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09-10-09, 10:43 AM
Montgomery Life > News
Catholic War Veterans keep history alive

Wednesday, September 9, 2009

By Keith Phucas

Peter Stefanek had cheated death in bloody Pacific island battles that claimed the lives of thousands of young men his age during World War II, but sensing his time was short because of cancer, he finally talked about his wartime experiences in the last weeks of his life.

Stefanek, who died July 12, was 88. He lived in Norristown for many years and was a member of the Catholic War Veterans Post 1182.

Though a Norristown resident, Stefanek grew up in western Pennsylvania. As a teenager, he worked a factory job in Cleveland but quit to join the Marines Corps on a dare from his boss just before World War II, he said during an interview recorded for DVD just two months before he died.

The horrific battles he survived in the Marshall Islands, Tinian, Saipan and Iwo Jima would transform his youthful innocence and earn him The Purple Heart, Bronze Star and Silver Star. Stefanek was wounded fighting Japanese soldiers during the bloody battle of Iwo Jima in 1945.

During the “island hopping” in the Pacific during the war, Saipan, Tinian, and Guam in the Marianas fell to American forces in summer 1944, according to u-s-history.com The capture of the Marianas, and later Iwo Jima, provided fixed air bases for B-29 Superfortress aircraft that would launch attacks on Japan and surrounding islands.

On Saipan, Stefanek’s Fifth Marine Division was slow to advance under relentless enemy fire, and many men were killed.

“We were supposed to go the first day 500 yards,” he said. “But we didn’t go 500 yards in three days.”

The Japanese artillery raining down on the marines when they landed on the island’s beach made forward movement nearly impossible and took a terrible toll.

“They had us pinned down,” he said. “I guess we lost half our men in the first three days.”

During the first two weeks on Saipan, 1,474 killed were killed, 7,400 wounded and 878 went missing, according to u-s-history.com. Nearly 2,000 more Americans died before the island siege ended and another 6,000 were wounded. Many perished during a last, suicidal Japanese counterattack on July 7.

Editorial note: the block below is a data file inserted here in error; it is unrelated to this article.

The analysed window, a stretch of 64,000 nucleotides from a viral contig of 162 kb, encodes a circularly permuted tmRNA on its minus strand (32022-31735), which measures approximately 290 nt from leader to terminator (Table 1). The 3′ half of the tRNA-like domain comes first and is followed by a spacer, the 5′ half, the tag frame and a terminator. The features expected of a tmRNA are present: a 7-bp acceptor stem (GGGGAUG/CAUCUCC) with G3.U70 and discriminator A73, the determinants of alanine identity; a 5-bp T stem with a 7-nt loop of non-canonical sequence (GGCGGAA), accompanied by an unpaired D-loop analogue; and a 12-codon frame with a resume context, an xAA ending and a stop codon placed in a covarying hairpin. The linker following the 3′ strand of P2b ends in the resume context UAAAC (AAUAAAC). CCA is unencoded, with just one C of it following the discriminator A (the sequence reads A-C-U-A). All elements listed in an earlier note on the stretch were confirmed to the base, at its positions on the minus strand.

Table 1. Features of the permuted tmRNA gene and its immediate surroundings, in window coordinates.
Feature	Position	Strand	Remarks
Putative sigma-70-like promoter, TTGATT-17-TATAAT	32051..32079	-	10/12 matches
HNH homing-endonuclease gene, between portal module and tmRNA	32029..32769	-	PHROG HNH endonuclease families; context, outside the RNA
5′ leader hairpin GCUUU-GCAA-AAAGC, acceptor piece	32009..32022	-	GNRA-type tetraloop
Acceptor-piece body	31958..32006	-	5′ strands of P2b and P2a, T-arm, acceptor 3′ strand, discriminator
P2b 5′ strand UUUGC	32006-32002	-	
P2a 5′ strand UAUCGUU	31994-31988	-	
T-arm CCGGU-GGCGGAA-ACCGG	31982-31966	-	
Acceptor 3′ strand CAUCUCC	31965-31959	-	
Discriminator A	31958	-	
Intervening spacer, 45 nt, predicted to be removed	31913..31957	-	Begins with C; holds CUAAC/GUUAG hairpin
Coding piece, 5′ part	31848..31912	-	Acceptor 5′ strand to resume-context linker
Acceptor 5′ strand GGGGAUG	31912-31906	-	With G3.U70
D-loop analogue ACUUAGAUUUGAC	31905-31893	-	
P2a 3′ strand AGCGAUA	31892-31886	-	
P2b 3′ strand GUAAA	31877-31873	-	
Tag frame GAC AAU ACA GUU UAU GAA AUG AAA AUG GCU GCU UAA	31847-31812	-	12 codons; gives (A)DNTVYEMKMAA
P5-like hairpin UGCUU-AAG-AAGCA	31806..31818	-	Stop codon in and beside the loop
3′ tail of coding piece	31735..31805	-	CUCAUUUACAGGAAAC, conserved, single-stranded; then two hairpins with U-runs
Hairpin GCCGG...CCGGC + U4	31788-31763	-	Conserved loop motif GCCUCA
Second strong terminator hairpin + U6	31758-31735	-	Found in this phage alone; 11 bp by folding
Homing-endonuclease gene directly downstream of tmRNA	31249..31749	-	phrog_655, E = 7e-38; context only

On Feb. 19, 1945, the Marine Corps’ Third, Fourth and Fifth divisions landed on the volcanic island Iwo Jima at 8:59 a.m. A total of 70,000 marines charged the sandy beaches against an opposing force of 27,000 Japanese.

That came after 10 weeks of bombing from carrier-based planes and medium bombers. But the troops were bombarded with artillery the enemy hid in a vast underground network of caves and tunnels in Mount Suribachi, high above the beaches.

The American effort concentrated on capturing Suribachi first, a goal that was achieved on Feb. 23, 1945, four days after the battle began, and on that day raised the American flag seen in the famous photograph, according to the online history site.

Stefanek, who recalled lying in “red water” of human blood for about five hours after being hit with machine gun fire, described the battle as “complete barbarism. It was just terrible.”

He and fellow Marines were trying to knock out an enemy fortification, or “pill box,” when a grenade landed at his feet.

“I froze, and my jacket and everything was full of holes,” he said. “I gave myself morphine.”

Stefanek said some of the explosive fragments remained in his arm until this year.

“In fact, they took some shrapnel out a couple months ago before I took an MRI,” he said.

By the end of the three-week battle to secure Iwo Jima, 6,281 U.S. troops and more than 20,000 Japanese were killed.

Marines had prepared to invade Japan’s mainland, but Aug. 6, 1945, a U.S. plane dropped an atomic bomb over Hiroshima. Three days later, Nagasaki was bombed. Soon after, the Japanese surrendered.

Stefanek lived on East Brown Street in Norristown before moving to Brightview assisted living home after being diagnosed with cancer.

His late wife Doris B. Stefanek died Feb. 10, 2008 at 86. She had the distinction of being the first female drill sergeant in the Marine Corp.

Guy Anhorn, who videotaped Stefanek this spring on DVD, learned that his picture was on the wall of the National Museum of the Marine Corps and in the book, “Flags of Our Fathers.”

Though the veteran had been reluctant to talk about the war for years, with the urging of his nephew Ted Monaco, a retired Navy captain, he agreed to share his story with Anhorn for the Veterans’ History Project.

Anhorn said Stefanek earned medals for carrying the survivors of his squad back to safety after a voracious firefight that left many dead.

Besides nephew Ted Monaco, brother-in-law Tony Monaco and another nephew, Chris Monaco, live in the local area. Stefanek’s grandson, U.S. Army Sgt. Michael J. Alfonse, recently returned from Iraq.